Many firms are now running intensive disaster drills -- and not just for violent events such as a fire or terrorist attacks. "A big bank we interviewed now runs its more senior management through a two-day exercise in which [employees are told] that a major hedge fund other than their own has failed or a big sovereign wealth fund has failed -- which, like the Lehman Brothers failure, creates huge waves within the financial markets," Useem notes. "In light of that simulated failure, over the next day and a half, employees learn about how to respond, whom they have to call and what steps they have to take" to keep the firm afloat.
But forecasting exactly how a potential threat will play out is difficult, and Armstrong argues that in many cases, experts aren't using the most effective methods. A study he conducted with Kesten C. Green, a senior lecturer at the University of South Australia, found that when experts and non experts were asked to use intelligence reports to predict the outcome of a particular conflict, both groups came up with the right answer only about a third of the time.
According to Armstrong, a better approach to forecasting such risks is creating structured analogies in which people come up with several past conflicts that might be similar to the current threat, and then deciding which is the best fit. Another, more effective, option is an interactive simulation exercise. "It's all about making better use of the information," he says.
Forecasting the Unthinkable
In addition to planning for the unthinkable, firms are also insuring themselves against possible losses. "One of my colleagues likes to tell me that the price of terrorism insurance in Manhattan was zero before 9/11, meaning insurers and people in the business of knowing, quantifying and putting probability on that kind of risk thought it was effectively impossible," Meyer notes. "No one was willing to pay a significant price, because they considered it such an implausible, rare event. Then all of a sudden it happens, and you have completely the opposite -- you still can't buy terrorism insurance, but for the opposite reason."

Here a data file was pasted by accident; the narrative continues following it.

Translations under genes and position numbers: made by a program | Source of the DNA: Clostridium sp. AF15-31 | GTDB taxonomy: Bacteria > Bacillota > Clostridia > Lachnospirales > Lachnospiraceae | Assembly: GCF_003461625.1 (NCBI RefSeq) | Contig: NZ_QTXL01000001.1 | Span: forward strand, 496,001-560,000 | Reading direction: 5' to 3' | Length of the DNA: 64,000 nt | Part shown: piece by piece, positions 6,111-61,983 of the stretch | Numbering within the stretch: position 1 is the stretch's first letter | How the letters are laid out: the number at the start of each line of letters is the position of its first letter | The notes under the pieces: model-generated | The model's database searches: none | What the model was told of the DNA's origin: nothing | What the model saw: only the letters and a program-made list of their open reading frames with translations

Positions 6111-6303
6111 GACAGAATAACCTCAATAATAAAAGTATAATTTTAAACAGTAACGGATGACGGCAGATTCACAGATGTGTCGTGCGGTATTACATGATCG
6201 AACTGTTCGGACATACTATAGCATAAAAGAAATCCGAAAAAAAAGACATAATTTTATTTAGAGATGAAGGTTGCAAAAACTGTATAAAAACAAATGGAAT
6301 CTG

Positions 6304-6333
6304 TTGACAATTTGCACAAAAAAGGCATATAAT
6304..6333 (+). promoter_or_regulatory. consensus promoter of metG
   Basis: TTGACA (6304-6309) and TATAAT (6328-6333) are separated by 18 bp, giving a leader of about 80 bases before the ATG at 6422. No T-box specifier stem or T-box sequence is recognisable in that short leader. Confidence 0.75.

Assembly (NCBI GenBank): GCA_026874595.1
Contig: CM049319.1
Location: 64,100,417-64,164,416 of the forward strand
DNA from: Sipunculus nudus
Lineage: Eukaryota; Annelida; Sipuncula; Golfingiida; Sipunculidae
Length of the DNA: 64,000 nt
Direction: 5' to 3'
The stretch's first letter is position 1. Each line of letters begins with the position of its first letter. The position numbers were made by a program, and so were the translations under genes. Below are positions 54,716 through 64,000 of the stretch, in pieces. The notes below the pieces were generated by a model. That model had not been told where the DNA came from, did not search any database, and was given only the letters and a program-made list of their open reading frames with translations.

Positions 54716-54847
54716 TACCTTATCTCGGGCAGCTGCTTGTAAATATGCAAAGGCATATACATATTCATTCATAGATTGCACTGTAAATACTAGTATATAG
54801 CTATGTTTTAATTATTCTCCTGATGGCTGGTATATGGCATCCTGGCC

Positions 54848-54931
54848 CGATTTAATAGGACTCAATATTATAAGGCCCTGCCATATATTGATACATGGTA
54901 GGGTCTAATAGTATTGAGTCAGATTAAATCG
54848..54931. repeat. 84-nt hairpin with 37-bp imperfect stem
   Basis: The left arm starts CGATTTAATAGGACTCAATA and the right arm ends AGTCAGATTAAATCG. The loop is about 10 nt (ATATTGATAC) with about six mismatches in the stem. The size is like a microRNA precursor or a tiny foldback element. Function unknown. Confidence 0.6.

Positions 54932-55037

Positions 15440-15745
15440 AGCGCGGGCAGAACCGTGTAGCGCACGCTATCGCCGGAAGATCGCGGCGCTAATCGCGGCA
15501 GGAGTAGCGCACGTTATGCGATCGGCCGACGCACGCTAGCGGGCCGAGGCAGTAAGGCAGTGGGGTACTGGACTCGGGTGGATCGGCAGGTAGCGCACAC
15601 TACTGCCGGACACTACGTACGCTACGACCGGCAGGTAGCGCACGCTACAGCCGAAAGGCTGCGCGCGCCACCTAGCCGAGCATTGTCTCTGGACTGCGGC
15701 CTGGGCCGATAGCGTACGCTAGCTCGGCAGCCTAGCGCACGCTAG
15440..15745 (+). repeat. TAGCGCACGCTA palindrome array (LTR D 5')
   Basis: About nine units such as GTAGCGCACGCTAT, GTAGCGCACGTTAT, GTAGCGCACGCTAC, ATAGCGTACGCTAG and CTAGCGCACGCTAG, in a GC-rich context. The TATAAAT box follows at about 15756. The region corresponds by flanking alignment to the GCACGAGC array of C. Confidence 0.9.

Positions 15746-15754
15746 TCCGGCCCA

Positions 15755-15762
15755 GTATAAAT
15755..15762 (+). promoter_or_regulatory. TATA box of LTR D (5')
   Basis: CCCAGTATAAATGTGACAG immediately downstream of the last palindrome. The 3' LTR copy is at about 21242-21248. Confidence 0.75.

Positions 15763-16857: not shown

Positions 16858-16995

In a 2010 paper, Michel-Kerjan studied the evolution of terrorism insurance in the U.S. since the attacks. Prior to 9/11, he says, terrorism risk was included as an unnamed peril in most commercial insurance contracts. The attacks jolted the industry, causing an estimated $23 billion in damages, making it the second costliest disaster in U.S. history after Hurricane Katrina. By early 2002, 45 states allowed insurance companies to exclude terrorism from their corporate policies, leading to the creation of the Terrorism Risk Insurance Act (TRIA), a public-private program that covers up to $100 billion of insured losses. Similar programs exist in countries including Germany, the United Kingdom, France and Australia.
"Our capacity to be economically resilient in the aftermath of another attack will be critical," Michel-Kerjan argues, noting that terrorism insurance is a "vital tool to assure such resiliency." He found that demand for the coverage grew significantly between 2002 and 2006, plateauing at a point where approximately 60% of firms are now covered. Without renewal by the federal government, TRIA is set to expire in 2014. "Given the current federal deficit, Washington might be reluctant to increase, de facto, its financial liability," Michel-Kerjan adds. "On the other hand, our security is a matter of national interest, so keeping this program alive would make sense."